1. Practice Is Perfect
I’ve heard the slogan, “Practice makes perfect,” but the circus yoga mantra, “Practice IS Perfect,” was a new one for me.  It took me several days to really appreciate its subtle difference and power.  Their belief is that the mere act of practicing something is itself perfection.  Malcolm Gladwell has documented this very notion, and I’ve understood it intellectually for years.  Not until I experienced and observed the ongoing act of practice for our circus performance did I understand that, at a certain point, repetition is an even greater contributor to success than raw talent.  Someone who is driven to master something they are interested in by practicing it is more likely to excel than the person with raw talent who doesn’t use it.  Let’s hear it for the tortoise winning his own race, regardless of what the hare is doing!

  1. Stylin’
The circus folks taught the kids to end every act with a pose, facing the audience with a big smile for a silent count of three. They called this, “Stylin’,” and said it is one of the most important aspects of a successful act.  If you look as if you’re having fun, your audience will feel the same. This was perhaps the most difficult lesson for some of the kids whose life experiences have led them to look down with shoulders slumped.  Creating their own personal pose of confidence was possibly the greatest take-away some of these kids may have learned at circus camp.  It certainly made me think about how many workplaces beat the spirit out of their people instead of infusing them with joy-filled confidence, which is just as contagious in a positive way as deflating messages are in a negative one.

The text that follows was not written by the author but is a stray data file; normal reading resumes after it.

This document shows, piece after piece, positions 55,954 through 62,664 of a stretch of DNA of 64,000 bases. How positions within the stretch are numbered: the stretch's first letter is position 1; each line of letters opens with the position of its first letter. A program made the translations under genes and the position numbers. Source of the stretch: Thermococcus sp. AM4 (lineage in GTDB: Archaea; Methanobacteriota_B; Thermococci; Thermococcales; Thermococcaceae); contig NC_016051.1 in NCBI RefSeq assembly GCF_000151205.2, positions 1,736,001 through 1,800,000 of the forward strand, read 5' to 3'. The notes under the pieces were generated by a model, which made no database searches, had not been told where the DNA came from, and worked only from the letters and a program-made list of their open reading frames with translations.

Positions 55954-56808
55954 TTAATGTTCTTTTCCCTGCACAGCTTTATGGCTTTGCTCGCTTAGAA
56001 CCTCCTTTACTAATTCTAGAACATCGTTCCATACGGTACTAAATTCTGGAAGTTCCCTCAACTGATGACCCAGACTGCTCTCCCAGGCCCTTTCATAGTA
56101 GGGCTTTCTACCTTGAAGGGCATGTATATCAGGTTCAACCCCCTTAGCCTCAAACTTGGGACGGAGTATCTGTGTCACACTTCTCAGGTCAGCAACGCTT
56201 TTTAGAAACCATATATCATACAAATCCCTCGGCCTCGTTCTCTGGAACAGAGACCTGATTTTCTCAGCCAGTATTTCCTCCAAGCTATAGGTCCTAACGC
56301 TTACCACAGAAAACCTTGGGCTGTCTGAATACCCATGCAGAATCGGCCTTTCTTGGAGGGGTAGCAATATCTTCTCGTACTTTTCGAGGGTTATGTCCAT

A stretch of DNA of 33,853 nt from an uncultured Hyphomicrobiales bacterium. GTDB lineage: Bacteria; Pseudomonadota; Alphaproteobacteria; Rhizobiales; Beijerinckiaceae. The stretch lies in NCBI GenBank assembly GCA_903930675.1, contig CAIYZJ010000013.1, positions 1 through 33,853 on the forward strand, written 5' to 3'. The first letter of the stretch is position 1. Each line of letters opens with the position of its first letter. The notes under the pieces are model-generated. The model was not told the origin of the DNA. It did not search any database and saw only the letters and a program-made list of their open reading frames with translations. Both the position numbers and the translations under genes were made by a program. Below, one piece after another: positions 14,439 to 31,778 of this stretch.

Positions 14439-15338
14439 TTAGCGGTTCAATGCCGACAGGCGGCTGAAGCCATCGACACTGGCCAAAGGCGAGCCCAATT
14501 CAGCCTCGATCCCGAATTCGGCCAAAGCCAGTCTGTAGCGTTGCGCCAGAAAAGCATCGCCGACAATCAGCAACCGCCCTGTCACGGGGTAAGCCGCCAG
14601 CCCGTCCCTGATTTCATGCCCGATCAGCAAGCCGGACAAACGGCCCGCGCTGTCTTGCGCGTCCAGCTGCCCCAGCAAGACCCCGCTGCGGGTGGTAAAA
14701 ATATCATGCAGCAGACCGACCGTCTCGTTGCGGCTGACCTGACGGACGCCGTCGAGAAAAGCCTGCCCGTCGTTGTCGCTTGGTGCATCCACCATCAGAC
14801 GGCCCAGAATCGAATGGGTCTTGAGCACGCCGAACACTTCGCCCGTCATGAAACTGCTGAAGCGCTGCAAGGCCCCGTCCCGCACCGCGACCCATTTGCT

1. The Show’s The Thing
My work with organizations has always been about purpose and harmony—which were the beautiful underpinnings of the circus camp experience.  Everyone involved understood that our common goal was to pull off the most amazing circus performance possible by Friday night.  The kids knew they’d have family members in the audience, and wanted their families to be proud of them.  Sets were painted, scenery sewn, programs printed, and acts pulled together around an Eastern Shore-themed story, and the energy surge as the week progressed was palpable.  Once the school gym was filled, the music began, and the curtain went up, everyone moved through his or her paces like a troupe that had performed together for years.  It was clear that, just like adults, kids get a deep of satisfaction from knowing their shared goal and then understanding their personal role in achieving it.  We all worked hard and had fun doing it.  Isn’t that what every workplace should feel like?
For more information about TAYA, please visit their website at  Amazon users may donate 5% of their purchases to TAYA by going to


Tuesday, July 1

Continuous Change

World Cup soccer has me thinking about the value of practice toward a shared goal.  Here's more about creating connections while managing change: